Finally, a similar study about the correlation between RO and ionosonde data was performed by Arras and Wickert (2017) at middle latitudes. They used the same criteria with 17 coinciding measurements available during the summer, which provided a good correlation. Hence, it was concluded that S4 value calculated from RO measurements is indeed suitable to estimate the intensity of the Es layers formed by tidal winds. Moreover, they found correlation parameters very close to the ones computed in this work for Cachoeira Paulista, 0.81 for height and 0.79 for density. Therefore, it is possible to confirm that the low-latitude Es layers can have a significant influence on the tidal winds, confirming the results obtained by Resende et al. (2017a).

4 Maps of sporadic E intensity

The RO techniques enable, for the first time, global overview of sporadic E layer characteristics at a high spatial resolution. Figure 6 shows maps of the S4 scintillation index acquired from the SNR intensity fluctuations of the GPS RO data for the autumn (March, April and May), winter (June, July and August), spring (September, October and November) and summer (December, January and February) seasons in Brazil for the years 2014–2016. The black triangle marks the location of the ionosonde at Cachoeira Paulista. The color bars show the S4 index varying between 0 and 0.5. As mentioned before, the S4 index is a measure of the degree of disturbance of the SNR and is related to the intensity of the Es layer (Arras and Wickert, 2017).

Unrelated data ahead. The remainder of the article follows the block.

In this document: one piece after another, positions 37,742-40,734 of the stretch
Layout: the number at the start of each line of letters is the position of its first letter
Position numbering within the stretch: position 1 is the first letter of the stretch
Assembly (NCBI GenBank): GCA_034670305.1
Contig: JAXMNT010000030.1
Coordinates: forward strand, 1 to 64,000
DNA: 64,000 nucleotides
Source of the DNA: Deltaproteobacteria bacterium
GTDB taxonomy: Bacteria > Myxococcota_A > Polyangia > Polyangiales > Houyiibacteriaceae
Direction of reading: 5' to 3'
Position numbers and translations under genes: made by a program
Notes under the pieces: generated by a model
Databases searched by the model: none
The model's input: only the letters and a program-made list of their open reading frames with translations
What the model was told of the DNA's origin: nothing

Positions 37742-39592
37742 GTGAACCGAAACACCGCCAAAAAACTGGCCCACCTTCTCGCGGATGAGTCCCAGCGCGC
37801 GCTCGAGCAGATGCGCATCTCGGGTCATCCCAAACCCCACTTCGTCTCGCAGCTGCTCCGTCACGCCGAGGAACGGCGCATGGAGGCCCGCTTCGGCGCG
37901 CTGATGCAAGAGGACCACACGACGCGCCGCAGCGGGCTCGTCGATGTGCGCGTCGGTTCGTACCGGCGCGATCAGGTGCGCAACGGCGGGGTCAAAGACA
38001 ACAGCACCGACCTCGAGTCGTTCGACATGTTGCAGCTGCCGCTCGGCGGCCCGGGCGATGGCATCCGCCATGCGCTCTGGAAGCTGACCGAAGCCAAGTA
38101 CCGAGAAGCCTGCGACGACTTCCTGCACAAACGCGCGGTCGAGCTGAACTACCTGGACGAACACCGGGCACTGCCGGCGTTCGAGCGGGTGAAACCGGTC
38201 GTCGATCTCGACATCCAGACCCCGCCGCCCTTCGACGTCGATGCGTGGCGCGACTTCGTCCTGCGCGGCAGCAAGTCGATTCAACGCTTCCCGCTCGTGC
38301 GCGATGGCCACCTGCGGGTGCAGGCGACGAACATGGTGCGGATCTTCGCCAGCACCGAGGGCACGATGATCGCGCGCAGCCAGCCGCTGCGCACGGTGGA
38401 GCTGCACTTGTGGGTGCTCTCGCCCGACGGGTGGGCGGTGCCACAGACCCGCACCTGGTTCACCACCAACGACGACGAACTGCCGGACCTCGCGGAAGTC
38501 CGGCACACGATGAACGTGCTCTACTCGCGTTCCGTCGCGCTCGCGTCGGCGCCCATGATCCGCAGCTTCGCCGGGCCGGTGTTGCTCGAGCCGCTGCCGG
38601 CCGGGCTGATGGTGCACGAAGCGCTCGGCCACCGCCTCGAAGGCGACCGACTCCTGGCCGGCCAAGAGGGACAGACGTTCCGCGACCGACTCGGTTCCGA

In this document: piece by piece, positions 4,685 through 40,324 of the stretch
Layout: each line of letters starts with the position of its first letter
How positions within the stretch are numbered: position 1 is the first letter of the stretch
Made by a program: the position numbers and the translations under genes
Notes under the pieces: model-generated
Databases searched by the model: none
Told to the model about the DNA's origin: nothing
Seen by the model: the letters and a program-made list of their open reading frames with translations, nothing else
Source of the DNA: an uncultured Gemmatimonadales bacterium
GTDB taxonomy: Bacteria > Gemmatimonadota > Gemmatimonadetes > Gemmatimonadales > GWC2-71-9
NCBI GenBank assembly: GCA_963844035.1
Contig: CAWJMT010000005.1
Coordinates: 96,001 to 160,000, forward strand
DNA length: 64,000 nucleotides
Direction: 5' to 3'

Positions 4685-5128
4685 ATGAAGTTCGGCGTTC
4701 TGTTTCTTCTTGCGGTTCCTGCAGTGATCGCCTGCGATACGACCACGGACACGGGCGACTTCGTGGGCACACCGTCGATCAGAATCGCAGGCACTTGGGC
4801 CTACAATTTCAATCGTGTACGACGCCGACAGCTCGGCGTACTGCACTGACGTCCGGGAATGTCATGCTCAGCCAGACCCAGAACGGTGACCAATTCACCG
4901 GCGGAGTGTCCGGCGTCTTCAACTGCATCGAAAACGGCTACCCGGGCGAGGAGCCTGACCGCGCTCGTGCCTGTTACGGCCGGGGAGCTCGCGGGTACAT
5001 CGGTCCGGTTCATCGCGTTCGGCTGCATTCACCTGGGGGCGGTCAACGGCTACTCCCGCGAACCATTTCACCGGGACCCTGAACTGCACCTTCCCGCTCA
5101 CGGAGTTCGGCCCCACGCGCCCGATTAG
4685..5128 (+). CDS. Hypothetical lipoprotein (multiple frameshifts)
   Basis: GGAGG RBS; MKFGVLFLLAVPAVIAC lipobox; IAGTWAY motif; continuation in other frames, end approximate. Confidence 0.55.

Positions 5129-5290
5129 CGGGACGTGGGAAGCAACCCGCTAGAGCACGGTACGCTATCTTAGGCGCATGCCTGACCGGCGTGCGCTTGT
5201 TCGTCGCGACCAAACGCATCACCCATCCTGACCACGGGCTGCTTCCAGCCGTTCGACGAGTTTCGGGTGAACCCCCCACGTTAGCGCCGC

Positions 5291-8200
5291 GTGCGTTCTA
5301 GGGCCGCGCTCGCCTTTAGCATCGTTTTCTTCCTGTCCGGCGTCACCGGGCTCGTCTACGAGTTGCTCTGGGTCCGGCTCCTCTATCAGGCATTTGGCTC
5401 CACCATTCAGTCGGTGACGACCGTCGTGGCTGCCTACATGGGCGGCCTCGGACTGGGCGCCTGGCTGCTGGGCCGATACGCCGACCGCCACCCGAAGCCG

It is possible to observe some typical characteristics in Fig. 6, such as the absence of Es layers along the dip Equator, where the wind shear mechanism is not effective. In the equatorial region the occurrence of Esq layers is closely related to the equatorial electrojet (EEJ) plasma instabilities, which are associated with the gradient-drift instability driven by the vertical polarization Hall electric field as well as by the vertical density gradient (Matsushita, 1951; Cohen et al., 1962; Knecht and McDuffie, 1962; Abdu et al., 2002; Resende et al., 2016). In other words, the layers in the equatorial region are irregularity layers, whose detection using the RO technique is not possible.

Furthermore, Es layers preferably occur at low to middle latitudes of the summer hemisphere, while the rates in winter are distinctly lower. In general, around the Brazilian sector, we observe the strongest Es layers in autumn and summer. However, in the region close to Cachoeira Paulista (black triangle in Fig. 6), the strongest Es layers were observed in summer and spring. This fact agrees with the observational data from the digisonde and with the simulation results for Cachoeira Paulista (Resende et al., 2017a). The Es layer enhancement in summer can be explained by the higher meteor flux rates (Haldoupis, 2011), which is consistent with the results presented in Arras et al. (2009).